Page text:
It was discovered that both boys’ and girls’ mental health suffers at the age of 14, but females’ mental health suffers more after that of boys.
By the age of 14, one out of every three females was dissatisfied with her looks, compared to one out of every seven after elementary school. One out of every six young people now has a possible mental disease, up from one out of every nine in 2017.
At the age of 14, boys in the bottom group of elementary school exhibited lower self-esteem than their classmates. According to the survey, both genders’ well-being declined during adolescence, with females reporting a bigger fall. Girls felt more depressed and hopeless; however, heavy social media use negatively affected mental health regardless of an individual’s mental state. So this finding is in line with Facebook’s internal study, which was leaked by Haugen.
Another study found that kids in middle and high school who used social media at high levels were linked with increased depression, over four years.
Why there is still hope?
Teenagers should not be dissuaded by the dark side of social media. There is undoubtedly a lot of issues that need to be addressed when it comes to social media. But there is hope yet. Teens can take responsibility when it comes to the prominence of fake news on social media.
No one should ever take anything written or said on social media at face value. They should not fall for the age-old trick of clickbait headlines. Everyone should do their research and look for credible sources whenever they read something online.
As far as cyberbullying and online stalking is concerned, there is a simple yet effective solution for this conundrum. No, I’m not talking about deleting one’s social media profile and becoming a monk living in the mountains. Neither am I talking about parents taking away their kids’ mobile phones altogether. It is much more subtle than that. I’m referring to parents adopting a hands-on approach.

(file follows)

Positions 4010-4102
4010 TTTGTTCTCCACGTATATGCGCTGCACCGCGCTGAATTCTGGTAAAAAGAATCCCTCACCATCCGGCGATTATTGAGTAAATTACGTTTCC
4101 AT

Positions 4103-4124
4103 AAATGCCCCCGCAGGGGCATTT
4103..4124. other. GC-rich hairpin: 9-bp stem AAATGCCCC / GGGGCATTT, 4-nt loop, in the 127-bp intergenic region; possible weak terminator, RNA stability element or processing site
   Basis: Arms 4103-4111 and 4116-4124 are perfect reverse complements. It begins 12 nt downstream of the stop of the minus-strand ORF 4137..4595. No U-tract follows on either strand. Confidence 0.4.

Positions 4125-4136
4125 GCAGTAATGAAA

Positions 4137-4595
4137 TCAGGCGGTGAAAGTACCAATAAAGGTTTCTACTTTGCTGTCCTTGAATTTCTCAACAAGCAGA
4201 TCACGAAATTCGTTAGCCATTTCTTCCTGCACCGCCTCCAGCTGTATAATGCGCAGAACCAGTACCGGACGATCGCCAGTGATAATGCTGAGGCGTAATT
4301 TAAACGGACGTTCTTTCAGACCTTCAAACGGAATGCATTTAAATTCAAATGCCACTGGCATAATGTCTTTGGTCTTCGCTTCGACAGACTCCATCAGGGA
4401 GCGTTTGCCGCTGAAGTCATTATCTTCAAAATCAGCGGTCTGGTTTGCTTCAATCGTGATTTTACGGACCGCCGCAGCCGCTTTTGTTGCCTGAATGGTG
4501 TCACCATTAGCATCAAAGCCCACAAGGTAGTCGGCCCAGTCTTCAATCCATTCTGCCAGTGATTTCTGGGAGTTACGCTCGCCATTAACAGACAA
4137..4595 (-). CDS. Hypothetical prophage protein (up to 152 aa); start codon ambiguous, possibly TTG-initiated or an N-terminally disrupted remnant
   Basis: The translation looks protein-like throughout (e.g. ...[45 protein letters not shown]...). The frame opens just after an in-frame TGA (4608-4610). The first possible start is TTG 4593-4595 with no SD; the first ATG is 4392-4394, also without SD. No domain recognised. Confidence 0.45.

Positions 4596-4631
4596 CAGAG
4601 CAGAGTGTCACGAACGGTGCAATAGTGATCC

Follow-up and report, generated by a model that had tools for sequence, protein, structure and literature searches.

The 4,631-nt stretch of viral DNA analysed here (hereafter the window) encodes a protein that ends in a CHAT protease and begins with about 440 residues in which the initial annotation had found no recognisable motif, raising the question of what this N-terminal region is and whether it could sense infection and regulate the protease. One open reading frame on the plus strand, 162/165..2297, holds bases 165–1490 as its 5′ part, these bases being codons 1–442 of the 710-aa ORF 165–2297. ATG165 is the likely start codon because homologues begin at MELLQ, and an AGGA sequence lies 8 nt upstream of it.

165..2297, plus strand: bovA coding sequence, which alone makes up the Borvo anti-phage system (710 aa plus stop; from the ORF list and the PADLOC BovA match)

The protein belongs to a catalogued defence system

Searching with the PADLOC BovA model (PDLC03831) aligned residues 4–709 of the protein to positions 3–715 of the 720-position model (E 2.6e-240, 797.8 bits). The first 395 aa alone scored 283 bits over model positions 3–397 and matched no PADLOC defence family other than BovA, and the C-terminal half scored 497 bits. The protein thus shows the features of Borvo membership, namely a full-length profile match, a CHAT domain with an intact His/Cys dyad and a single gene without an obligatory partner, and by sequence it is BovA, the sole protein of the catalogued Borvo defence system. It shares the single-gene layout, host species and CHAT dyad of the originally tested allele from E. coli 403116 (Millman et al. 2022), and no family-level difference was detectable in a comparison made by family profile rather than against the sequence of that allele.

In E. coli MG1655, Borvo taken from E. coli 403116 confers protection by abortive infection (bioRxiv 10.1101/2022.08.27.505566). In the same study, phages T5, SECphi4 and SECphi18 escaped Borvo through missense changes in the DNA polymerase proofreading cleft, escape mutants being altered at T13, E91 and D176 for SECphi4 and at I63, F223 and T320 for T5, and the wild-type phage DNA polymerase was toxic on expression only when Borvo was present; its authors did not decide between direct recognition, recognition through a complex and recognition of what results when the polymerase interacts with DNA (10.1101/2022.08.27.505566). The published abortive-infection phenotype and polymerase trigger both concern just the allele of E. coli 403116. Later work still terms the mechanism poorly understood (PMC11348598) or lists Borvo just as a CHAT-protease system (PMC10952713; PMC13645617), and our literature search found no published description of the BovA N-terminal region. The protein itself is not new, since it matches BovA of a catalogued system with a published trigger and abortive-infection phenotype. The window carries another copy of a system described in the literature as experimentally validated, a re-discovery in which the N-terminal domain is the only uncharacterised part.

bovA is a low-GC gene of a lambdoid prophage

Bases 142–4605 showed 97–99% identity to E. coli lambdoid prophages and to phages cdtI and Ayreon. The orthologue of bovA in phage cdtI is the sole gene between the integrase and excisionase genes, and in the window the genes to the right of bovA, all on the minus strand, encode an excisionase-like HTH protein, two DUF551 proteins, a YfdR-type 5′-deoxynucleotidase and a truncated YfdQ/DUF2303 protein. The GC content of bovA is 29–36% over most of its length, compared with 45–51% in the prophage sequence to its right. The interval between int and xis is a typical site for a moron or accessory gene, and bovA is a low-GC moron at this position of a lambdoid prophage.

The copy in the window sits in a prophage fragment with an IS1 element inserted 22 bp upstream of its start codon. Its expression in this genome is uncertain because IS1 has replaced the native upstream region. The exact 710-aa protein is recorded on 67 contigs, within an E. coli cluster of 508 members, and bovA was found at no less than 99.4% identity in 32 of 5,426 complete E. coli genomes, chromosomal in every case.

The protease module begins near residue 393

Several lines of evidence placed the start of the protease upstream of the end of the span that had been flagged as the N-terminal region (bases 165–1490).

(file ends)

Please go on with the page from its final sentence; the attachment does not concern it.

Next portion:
Parents Need Help in Intervening
Parents may discuss safe and dangerous internet activities as well as acceptable and improper behavior with their teenagers. Parents can also respond to inquiries from teenagers by answering them and offering guidance.
They can also take real actions to monitor or check up on their teenagers’ online activity, such as monitoring which websites a teen has visited, seeing their social media accounts, or adding them as friends.
This is easier said than done as no teenager would willfully give up their phones and risk having to explain their actions. Innovative tech solutions, like remote monitoring apps, can help parents overcome this hurdle.
Remote monitoring apps can restrict websites, help set time limits, and remotely monitor teens’ online activities and interactions.
These apps can keep an eye on your child’s internet accounts and don’t let them know that parents are monitoring them.
Some youngsters or teenagers may construct a fictitious second account for their parents to see. Since remote monitoring apps can track all social media activity, they can overcome this issue as well. Parents will be able to view their kids’ activity and see when their child has made a fake account.
It is a remarkable solution for parents who don’t have much free time on their hands or do not want confrontation with their kids.
Parents can intervene using these apps to minimize the time teens spend on social media and try to offer positive affirmations, thus taking care of the mental health issue associated with excess social media use as well.